Statistics on a The Clothesline Project t-shirt from the Minnesota Coaltition for Battered Women. Minnesota Prairie Roots file photo.
Assault by strangulation charged in 3 separate incidents
Alleged assault leaves woman with fractured hip
The headlines, written within five days of each other, recently bannered the second page of my local newspaper, the Faribault Daily News.
From the bold headers, my eyes moved down to the copy that told of hands and belt around necks, black eyes, punches and threats and stalking and, finally, that push resulting in a broken hip.
A portrait of Barb Larson by Faribault artist Dana Hanson. Barb was shot and killed by her ex-husband just before Christmas 2016 inside the Faribault Area Chamber of Commerce and Tourism office where she worked. Her death rocked my community. Minnesota Prairie Roots file photo.
The news stories are difficult to read. Such violence perpetrated upon another human being seems unfathomable. Yet, it happens every day. Here in my community of Faribault. And in your community, too.
I am thankful none of these women died. They easily could have given the choking, the hits, the pushes and punches and more. Already in Minnesota this year, 21 people have been murdered due to domestic violence. Let’s call it what it is—murder. The term domestic violence has always seemed to me to diminish the crime.
Margie Brown Holland and her unborn daughter, Olivia, were honored in The Clothesline Project coordinated by the Minnesota Coalition for Battered Women. Margie was the daughter of my former neighbor in Faribault. She and her unborn baby were murdered by her husband. Minnesota Prairie Roots file photo.
Semantics aside, we need to understand that domestic violence is pervasive in our society. And we need to understand that domestic abuse and violence are rooted in power, control and manipulation. The abuse often begins insidiously. That guy who seems initially charming early on in a relationship emerges as a controlling narcissist. He twists and turns words and situations to his advantage, to make himself look good, to degrade women, to get his selfish way, to gain power. He’ll lie, belittle, intimidate, mimic, isolate and the list goes on. He’ll never accept responsibility for his actions. The woman is to blame. Not him. So he claims.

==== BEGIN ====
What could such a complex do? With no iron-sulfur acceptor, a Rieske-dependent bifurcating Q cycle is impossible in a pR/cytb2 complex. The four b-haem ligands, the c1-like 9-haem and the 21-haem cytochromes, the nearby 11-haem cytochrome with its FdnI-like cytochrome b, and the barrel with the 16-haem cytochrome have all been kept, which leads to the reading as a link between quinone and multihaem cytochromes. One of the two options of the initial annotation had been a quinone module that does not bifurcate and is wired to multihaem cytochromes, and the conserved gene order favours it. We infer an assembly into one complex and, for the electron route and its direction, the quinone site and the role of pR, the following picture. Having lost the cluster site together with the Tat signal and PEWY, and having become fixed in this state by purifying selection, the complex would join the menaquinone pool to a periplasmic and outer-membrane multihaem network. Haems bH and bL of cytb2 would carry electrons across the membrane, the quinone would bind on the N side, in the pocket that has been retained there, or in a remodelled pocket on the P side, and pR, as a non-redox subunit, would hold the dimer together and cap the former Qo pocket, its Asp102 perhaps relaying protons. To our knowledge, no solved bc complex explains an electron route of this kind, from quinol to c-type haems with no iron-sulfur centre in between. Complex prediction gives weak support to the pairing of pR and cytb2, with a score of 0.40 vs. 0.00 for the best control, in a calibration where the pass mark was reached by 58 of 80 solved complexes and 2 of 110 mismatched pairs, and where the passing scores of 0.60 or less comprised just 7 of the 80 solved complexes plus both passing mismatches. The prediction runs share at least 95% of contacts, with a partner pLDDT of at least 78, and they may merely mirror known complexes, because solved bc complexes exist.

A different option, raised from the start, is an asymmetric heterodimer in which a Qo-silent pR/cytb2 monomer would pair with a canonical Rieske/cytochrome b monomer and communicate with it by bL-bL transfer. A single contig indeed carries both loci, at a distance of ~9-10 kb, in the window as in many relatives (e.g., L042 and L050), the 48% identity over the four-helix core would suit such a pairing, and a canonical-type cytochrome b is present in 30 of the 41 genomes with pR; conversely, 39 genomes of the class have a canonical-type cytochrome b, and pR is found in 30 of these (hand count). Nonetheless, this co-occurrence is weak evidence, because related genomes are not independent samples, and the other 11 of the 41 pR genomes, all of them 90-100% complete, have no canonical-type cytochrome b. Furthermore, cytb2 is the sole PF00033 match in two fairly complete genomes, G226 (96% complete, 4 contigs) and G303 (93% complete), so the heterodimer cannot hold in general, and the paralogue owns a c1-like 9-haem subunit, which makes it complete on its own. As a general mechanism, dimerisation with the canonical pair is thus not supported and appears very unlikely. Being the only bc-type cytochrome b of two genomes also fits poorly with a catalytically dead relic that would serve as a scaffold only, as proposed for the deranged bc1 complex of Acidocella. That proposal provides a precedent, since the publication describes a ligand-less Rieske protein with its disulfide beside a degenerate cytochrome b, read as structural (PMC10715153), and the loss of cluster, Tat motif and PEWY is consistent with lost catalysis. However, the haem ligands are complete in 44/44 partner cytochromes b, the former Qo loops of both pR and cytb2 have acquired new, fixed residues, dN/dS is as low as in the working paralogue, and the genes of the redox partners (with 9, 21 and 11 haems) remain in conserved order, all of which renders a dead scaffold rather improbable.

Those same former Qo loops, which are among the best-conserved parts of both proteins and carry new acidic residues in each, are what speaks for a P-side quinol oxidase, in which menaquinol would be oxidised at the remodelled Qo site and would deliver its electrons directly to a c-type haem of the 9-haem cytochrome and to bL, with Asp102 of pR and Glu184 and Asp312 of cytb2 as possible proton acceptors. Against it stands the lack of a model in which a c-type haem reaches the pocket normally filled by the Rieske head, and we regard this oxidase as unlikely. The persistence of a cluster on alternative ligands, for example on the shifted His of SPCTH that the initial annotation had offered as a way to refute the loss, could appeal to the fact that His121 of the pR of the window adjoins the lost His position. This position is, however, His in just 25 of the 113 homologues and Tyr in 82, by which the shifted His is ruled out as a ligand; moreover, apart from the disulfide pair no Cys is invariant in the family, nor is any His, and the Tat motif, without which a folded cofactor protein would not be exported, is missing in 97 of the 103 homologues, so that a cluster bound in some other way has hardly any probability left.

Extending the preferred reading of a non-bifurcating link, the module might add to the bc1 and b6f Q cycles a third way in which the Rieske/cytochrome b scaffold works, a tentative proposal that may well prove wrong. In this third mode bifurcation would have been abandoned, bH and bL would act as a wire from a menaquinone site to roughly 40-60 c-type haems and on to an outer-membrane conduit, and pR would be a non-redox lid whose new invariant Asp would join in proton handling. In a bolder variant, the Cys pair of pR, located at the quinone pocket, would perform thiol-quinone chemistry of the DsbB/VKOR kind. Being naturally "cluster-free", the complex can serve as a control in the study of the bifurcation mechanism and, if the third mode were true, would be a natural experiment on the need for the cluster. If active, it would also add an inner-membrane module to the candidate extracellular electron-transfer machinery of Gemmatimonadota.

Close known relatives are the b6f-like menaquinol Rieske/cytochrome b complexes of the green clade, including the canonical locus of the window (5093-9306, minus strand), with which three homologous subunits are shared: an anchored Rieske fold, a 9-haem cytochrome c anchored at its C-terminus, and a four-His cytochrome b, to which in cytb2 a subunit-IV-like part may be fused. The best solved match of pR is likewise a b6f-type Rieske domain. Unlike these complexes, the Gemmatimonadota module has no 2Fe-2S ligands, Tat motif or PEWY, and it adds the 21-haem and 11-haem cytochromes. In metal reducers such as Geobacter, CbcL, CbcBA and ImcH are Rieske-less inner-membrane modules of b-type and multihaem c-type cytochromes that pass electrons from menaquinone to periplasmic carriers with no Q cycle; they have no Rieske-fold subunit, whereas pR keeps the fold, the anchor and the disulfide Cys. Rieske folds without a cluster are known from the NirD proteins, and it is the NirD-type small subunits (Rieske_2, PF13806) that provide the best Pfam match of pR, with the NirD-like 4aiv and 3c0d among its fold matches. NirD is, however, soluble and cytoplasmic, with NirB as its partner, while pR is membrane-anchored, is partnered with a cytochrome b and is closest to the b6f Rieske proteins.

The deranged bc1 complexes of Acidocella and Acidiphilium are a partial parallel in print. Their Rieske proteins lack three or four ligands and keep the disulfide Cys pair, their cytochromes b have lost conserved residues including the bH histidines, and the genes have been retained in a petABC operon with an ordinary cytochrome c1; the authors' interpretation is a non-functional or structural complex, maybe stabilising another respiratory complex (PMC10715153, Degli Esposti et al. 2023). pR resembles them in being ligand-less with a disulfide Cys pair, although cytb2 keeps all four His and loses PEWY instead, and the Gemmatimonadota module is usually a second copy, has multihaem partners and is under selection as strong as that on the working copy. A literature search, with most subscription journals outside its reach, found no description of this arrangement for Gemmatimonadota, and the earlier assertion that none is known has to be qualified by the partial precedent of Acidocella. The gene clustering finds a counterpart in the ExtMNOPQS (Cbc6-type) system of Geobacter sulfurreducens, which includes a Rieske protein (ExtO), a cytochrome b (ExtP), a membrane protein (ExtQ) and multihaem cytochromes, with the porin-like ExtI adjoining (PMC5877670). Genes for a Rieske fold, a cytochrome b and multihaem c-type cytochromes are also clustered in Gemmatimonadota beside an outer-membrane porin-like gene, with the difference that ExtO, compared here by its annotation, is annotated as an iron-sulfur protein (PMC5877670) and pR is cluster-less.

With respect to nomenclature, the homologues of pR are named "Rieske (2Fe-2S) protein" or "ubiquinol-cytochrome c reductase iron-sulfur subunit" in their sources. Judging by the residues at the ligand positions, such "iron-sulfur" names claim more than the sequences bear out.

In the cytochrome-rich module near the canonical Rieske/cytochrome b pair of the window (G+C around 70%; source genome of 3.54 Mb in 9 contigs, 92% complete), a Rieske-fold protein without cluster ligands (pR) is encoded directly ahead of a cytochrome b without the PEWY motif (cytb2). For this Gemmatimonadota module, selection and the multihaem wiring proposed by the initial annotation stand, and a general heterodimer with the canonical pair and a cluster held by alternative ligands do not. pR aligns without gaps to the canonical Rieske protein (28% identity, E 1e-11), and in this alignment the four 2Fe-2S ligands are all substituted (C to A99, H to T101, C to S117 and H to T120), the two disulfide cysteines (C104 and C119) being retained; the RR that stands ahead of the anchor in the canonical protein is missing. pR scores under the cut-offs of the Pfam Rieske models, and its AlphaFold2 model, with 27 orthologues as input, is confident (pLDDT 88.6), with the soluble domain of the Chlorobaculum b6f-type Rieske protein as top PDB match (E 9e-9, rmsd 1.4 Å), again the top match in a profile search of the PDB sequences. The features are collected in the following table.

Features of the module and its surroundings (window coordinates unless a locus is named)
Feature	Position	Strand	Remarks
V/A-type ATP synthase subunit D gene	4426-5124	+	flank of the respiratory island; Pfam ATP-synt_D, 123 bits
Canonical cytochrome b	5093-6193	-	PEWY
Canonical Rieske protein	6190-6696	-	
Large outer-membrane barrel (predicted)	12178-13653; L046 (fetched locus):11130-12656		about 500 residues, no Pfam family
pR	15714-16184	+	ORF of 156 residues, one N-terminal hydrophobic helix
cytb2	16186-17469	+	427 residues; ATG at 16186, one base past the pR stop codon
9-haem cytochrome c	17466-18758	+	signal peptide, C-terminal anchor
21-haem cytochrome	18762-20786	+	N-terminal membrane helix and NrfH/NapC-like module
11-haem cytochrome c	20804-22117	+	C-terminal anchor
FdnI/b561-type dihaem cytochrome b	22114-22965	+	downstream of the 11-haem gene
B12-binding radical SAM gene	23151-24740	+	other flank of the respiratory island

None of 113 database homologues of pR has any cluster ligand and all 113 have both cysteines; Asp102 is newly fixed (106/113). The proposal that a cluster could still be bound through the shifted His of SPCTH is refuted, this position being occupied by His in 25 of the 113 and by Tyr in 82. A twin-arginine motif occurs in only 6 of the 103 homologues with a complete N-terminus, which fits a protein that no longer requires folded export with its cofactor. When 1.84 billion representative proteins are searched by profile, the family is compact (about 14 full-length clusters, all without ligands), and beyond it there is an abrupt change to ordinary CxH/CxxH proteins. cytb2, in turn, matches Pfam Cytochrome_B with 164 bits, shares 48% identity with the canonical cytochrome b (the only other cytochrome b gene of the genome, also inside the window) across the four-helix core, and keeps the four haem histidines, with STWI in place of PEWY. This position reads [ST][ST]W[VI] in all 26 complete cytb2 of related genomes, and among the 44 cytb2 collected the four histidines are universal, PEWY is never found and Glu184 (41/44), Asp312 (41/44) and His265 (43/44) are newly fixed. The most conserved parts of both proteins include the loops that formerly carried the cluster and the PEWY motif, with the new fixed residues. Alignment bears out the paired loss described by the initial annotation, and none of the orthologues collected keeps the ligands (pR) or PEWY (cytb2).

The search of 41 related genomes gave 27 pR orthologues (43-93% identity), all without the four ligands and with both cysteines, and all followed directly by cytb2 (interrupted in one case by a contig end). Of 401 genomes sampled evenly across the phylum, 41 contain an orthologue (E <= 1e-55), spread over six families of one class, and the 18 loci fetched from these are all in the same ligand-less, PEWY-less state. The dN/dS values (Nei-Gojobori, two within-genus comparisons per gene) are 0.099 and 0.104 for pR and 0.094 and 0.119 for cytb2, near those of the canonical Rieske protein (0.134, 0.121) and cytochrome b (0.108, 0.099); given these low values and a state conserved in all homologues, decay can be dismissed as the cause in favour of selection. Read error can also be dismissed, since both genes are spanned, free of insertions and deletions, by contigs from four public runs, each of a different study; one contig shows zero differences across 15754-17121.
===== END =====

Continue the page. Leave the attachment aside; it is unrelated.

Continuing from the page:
But she isn’t to blame. No woman deserves psychological, spiritual, emotional, mental, financial, technological or physical abuse. Ever. We as a society need to recognize that.
We need also to stop blaming women for staying in relationships with abusers. We need to believe these women, support them, protect them, help them. I’m tired of abusers who get second and third chances—until they seriously injure or kill someone. Enough.
Reasons she stays, published on page 18, of She Stays, a book by HOPE Center (Faribault) Director Erica Staab. Text copyright of Erica Staab.
Leaving an abuser seems simple enough. Just walk away, right? It’s not that easy when someone is controlling you, monitoring you (including cell phone usage), threatening you in subtle, and not so subtle, ways. Fear, and “love,” hold great power.
Profound words for anyone who’s been abused or known someone who’s been abused or is in an abusive relationship. These words are from the book, The Help. Minnesota Prairie Roots file photo.
For those of you in any type of abusive relationship, I encourage you to take that first bold step of confiding in someone you trust whether a friend, family member, co-worker, neighbor, clergy, advocate or whomever. Once you’ve done that, devise a safe plan to permanently leave your abuser. You are in greatest danger when you attempt to leave the person abusing you.
Turn to professionals. Within every county, if not community, you will find professionals (advocates in women’s shelters and resource centers) trained to help. You are so worth it. Don’t wait for fingers to press upon your airway, for hands to push you to the ground, for fists to blacken your eyes. Trust your gut and yourself. Get out. You deserve to live your life free of abuse. You are stronger than you think, stronger than the person who thinks he owns you.
To those women in my county who were allegedly assaulted, threatened and/or stalked by Michael, Triston, Mason, John, Richard and Jeremiah, I hope this marks a new beginning for you free of abuse. I hope, too, that the criminal justice system works for you. Stop believing your abuser’s lies. Believe in yourself and in your strength.
FYI: If you are in an abusive relationship and in immediate danger, call 911.
Texting 911 is now available in Minnesota (and other states), a service which will be especially valuable to victims of domestic violence who are unable to safely call for help. Read all about that new service by clicking here.
Note: I realize that men can also be victims of domestic abuse and violence. But because the majority are women, I wrote this post from their perspective.
© Copyright 2017 Audrey Kletscher Helbling